Versus SPX, what is different about SPX and the market in which it trades today, and back in 1979?

Versus inflation, what were the demographics in 1979 when prices hit all time highs and what are they now?

Is the monetary base a meaningful measure in times when economies appear to be demand constrained?

Lastly, the previous high on all these measures was impressively high. However it was exceedingly short lived. The spike is very, very narrow.

Just some thoughts. I ask because I actually have a good allocation of gold, definitely overweight actually.

I'm nervous - what say you?

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I don't understand how you can say the following - I would genuinely like to know:

"These points all have empirical validity, but are they useful? Let me start off by asking, what is the 'historical norm' for gold on all three charts? Is gold overvalued against these historical norms? If we judge house by a historical norm that stretches back only 30 years should we do so also for gold? If not why not?"

Why do they have empirical validity? The difference with assets which provide some form of income or which are largely in demand for industrial uses is based on somethin gtangible which can be used as an anchor for a valuation. This is not the same with gold - the above measures rely on historical correlations which may be entirely coincidental.

By contrast, people on here (and I include myself in this) talk about the long term average of earnings to house prices to determine when a house is overvalued. This is because, when houses are not behaving as speculative assets (query that point separately), based on long-term average interest rates, an unacceptably high amount of a person's monthly wage would have to go on mortgage payments if they had to borrow more than 4 times income. The questions regarding relying on this metric then become - 1. will the interest rates in place over the last 10 years remain in place, meaning the above justification for the long-term average earnings multiple is no longer valid and 2. does the existence of speculative demand for housing, which has increased massively over the last 10 years, mean that this is the wrong metric to rely on.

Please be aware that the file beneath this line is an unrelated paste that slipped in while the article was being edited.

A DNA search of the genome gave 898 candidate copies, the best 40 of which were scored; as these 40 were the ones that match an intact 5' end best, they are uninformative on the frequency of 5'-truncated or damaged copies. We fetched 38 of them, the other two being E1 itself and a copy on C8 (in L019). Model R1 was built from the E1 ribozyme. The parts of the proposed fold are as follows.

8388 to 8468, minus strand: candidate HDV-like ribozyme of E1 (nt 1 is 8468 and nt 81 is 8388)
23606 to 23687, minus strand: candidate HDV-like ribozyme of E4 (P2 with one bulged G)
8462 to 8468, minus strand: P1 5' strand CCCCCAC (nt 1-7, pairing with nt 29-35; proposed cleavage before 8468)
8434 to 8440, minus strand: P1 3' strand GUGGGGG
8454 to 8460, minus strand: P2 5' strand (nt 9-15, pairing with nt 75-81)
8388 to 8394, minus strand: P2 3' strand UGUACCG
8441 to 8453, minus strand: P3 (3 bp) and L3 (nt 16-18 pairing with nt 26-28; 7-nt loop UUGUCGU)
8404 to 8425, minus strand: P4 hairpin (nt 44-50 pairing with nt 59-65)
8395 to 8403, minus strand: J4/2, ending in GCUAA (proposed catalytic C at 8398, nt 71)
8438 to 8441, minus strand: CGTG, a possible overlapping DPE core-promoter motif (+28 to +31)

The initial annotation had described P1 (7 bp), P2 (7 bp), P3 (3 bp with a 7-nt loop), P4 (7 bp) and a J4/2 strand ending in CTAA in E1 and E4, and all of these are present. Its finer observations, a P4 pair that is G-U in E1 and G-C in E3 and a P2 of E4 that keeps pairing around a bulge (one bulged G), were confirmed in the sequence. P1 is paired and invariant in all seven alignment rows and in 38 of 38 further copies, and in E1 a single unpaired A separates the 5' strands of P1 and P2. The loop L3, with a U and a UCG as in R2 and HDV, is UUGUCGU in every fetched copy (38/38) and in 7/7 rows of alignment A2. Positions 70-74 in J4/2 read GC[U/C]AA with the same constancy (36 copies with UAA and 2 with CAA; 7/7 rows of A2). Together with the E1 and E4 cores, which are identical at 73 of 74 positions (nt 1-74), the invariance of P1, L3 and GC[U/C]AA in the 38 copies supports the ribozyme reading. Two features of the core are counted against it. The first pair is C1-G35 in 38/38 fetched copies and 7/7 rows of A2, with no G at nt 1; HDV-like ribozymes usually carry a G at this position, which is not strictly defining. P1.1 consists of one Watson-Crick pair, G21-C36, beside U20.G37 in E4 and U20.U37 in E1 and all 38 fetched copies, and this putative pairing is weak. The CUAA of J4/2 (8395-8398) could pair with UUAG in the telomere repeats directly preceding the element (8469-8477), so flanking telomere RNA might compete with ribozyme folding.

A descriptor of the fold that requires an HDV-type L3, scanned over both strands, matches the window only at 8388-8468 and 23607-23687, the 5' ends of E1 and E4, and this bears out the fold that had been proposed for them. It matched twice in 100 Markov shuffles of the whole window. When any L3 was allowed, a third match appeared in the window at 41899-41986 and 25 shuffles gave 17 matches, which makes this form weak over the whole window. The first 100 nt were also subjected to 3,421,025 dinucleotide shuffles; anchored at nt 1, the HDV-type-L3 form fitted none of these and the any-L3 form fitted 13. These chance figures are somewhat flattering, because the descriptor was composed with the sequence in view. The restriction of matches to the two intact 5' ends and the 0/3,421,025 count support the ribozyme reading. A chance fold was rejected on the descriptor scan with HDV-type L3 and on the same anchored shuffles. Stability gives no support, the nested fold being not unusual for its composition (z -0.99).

Similarly, with shares, long-term p/e averages have been consistently higher since the mid-80s than they were previously, but it is still possble to value shares based on dividend yields, book values etc. However, you can do all the painstaking valuation work you like, but analysts always apply a 'multiple' as the last part in their valuation, and this is just 'finger in the wind' stuff, which pretty much makes every other part of their analysis a bit of a waste of time. However, what the relevant 'multiple' of the p/e or price/book should be depends on the prevailing attitude at the time, and there is a question about how reliably you can look to histroical values, when the underlying political and social structure has changed.

In the case of gold, you don't have any of the fundamentals mentioned about in relation to housing or shares to provide a starting point for a valuation, and you are just left with the completely immeasurable latter part of each of the above valuations - namely the prevailing attitude at the time.

Because of this, there is no reliable metric bby which to value gold. Any justification I have heard is flawed - in my opinion.

This doesn't mean gold won't go higher. It does mean that no one has any idea how to work out what the long term average will be based on fundamentals, because there are none.

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Why do they have empirical validity?

only because the chart clearly shows gold is a long way off that previous high. That is all. The data is OK, the interpretation maybe not.

By contrast, people on here (and I include myself in this) talk about the long term average of earnings to house prices to determine when a house is overvalued.

This is because, when houses are not behaving as speculative assets (query that point separately), based on long-term average interest rates, an unacceptably high amount of a person's monthly wage would have to go on mortgage payments if they had to borrow more than 4 times income.